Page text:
The Art of Appreciation


Two things happened to me in the last couple of weeks that brought me to this blog post. I wonder if you can relate.

Firstly, I ran a masterclass on living with your inner critic and managing imposter syndrome recently (this is rapidly becoming my most requested masterclass), and that evening I received an email from one of the attendees:

“I just wanted to reach out and thank you for the talk you did today… I really enjoyed it and it really resonated with me. I shall be trying out the techniques you mentioned (in fact right now, my mind is asking whether I have the right to contact you and ask for your support! I’ve reassured her that at worst you’ll say you can’t help, so I’m not in danger)”

This message made my heart sing. One, she was practicing already some of the techniques I shared, two she was reaching out to me, despite feeling nervous about it, and asking for help with something and three, she was saying thank you for my talk.

This small act of kindness (which had taken an act of bravery as you can read in her message) made me feel like doing a tiny happy dance. 

The irony of running a masterclass on the inner critic is not lost on me when quite often I have to have a conversation with my own inner critic about why ‘I am actually perfectly placed to run this thank you very much’ and ‘yes, I am sure I have the knowledge, skills and experience to speak on this topic with authority’. 

Even those of us who look comfortable and confident have an inner critic whispering in their ear, and your words of appreciation go a long way, even when it feels like it might just be a throw away comment to you or something that seems silly to say.

The second incident is that I ran a session at a CIPD conference. It was a virtual session run over zoom, and while I was presenting I wasn’t able to see the chat or view anyone’s face so didn’t get the feedback on how it was going. At the end of the session I was thanked and off I went onto the next thing, hoping it had gone okay. A few moments later I received an email from one of the organisers with a screenshot of the chat during the session. She realised I might not have been able to see it at the time, and wanted to share it. It was full of really lovely comments and thanks for the session.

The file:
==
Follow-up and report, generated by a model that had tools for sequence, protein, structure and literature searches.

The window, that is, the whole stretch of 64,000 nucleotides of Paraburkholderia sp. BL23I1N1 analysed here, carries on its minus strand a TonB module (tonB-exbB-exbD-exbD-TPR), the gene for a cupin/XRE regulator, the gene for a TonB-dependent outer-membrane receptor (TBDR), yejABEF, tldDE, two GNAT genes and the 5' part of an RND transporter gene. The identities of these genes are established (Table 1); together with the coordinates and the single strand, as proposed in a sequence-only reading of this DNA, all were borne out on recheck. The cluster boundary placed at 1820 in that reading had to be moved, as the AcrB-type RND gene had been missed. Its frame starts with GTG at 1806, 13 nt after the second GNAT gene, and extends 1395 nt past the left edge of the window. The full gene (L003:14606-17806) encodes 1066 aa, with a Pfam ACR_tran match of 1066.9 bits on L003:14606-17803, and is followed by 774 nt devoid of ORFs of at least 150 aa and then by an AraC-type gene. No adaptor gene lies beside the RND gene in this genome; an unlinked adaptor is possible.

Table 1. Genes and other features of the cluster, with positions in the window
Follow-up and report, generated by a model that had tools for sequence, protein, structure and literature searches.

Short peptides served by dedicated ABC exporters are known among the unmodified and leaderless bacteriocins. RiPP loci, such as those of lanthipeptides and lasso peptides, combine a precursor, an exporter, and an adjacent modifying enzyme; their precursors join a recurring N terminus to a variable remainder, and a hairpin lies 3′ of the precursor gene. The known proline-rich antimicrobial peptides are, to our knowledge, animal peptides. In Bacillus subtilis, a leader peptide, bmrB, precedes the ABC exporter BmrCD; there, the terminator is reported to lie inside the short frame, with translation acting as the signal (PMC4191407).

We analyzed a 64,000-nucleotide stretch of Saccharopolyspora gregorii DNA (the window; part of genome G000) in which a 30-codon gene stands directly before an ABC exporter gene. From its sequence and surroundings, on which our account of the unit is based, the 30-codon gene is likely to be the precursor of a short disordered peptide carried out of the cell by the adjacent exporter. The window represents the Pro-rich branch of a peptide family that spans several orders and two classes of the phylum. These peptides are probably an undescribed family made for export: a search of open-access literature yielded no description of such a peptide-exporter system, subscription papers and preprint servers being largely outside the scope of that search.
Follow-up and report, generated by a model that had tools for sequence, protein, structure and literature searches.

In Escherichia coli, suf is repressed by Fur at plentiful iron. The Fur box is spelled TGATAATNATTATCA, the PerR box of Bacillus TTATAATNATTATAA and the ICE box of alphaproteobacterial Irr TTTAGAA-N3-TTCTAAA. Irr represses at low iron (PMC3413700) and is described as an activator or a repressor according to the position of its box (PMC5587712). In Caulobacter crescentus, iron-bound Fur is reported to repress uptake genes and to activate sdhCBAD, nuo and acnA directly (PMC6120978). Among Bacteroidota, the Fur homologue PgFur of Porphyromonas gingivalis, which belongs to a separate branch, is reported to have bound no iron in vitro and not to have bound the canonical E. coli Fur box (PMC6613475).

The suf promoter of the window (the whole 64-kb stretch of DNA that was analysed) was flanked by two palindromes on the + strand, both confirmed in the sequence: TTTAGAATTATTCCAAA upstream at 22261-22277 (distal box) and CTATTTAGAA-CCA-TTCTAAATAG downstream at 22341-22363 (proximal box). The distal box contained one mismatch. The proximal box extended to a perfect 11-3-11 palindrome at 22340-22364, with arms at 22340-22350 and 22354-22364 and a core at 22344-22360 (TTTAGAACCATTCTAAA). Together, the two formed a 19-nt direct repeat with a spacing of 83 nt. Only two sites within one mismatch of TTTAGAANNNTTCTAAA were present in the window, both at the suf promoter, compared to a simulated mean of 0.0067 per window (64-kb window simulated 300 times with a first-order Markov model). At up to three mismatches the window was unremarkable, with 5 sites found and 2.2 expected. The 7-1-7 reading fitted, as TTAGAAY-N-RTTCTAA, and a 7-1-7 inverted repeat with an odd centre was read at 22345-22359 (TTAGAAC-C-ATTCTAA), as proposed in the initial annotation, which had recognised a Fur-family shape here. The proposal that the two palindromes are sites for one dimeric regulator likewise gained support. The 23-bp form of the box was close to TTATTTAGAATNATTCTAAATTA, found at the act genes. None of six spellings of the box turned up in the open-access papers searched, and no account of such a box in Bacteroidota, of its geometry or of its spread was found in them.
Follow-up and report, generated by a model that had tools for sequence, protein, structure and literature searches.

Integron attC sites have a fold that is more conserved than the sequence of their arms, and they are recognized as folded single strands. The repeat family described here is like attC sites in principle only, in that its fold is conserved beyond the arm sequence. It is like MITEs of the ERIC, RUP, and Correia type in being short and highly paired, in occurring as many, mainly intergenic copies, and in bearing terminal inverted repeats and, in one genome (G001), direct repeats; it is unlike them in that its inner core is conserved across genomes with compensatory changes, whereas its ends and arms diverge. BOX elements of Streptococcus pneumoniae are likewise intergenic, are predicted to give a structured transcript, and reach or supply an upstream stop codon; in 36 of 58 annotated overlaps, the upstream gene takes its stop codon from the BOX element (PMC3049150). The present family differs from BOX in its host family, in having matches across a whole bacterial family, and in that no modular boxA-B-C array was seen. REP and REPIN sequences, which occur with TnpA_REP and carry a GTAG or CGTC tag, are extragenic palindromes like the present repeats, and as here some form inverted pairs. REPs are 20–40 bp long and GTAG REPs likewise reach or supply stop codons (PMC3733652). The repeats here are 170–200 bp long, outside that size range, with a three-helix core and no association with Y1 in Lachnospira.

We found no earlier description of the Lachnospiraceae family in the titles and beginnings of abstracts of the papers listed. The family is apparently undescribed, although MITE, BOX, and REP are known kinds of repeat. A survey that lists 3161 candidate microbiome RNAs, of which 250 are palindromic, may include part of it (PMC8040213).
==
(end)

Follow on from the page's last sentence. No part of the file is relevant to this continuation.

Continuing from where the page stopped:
Her thoughtfulness in sending that across, in thinking about the difference it might make to me, completely blew me away.

Again, another small act of kindness that made a massive difference.

So, why I am telling you all this (and let me just point out that my inner critic is now saying ‘stop blathering on about yourself and get to the point’)? 


This second incident actually took place on the same day as Day Four of the Quarterly Personal Challenge Review, all about Tribe, Connection and Support. Part of the task for that day is to explore where you can offer help, noticing who might need it in some small way. I am going to expand and review that part of the challenge for next time, because I believe that it’s really important to tell people about the impact they make on you.

Thank people for a job well done, for making you smile, for cheering you up or making your day a little easier. The chances are that they won’t even know that they had such a profound impact on you and your day.

Say thank you, I can guarantee it will make you smile for doing it just as much as it will make them smile.

Your challenge for today is to thank three people.

You might like to:

  • Be specific (when my boys write their thank you cards – yup, my Mum instilled it in me, and I do the same in them! – I always say that they least they have to write is ‘Dear X. Thank you for my Y. It is really Z’).
  • Send it in a card, text or email. Writing it down never hurts, that way they can choose to keep it at revisit it when they’re feeling like they’ve had a tough day
  • Choose people you don’t normally thank, perhaps someone you take for granted (when did you last thank your Postie, your neighbours, your partner…)
  • Pair it with a small gift – this doesn’t have to be expensive (a couple of homebred biscuits, a book you’ve finished with and loved, a poem you’ve enjoyed)
  • Send it anonymously – if the joy really is in the ‘saying thank you’, it shouldn’t matter if they know it’s from you or not!

I’d love to know who you chose, and how it felt. Perhaps you’re the one that’s been unexpectedly thanked recently. Let me know!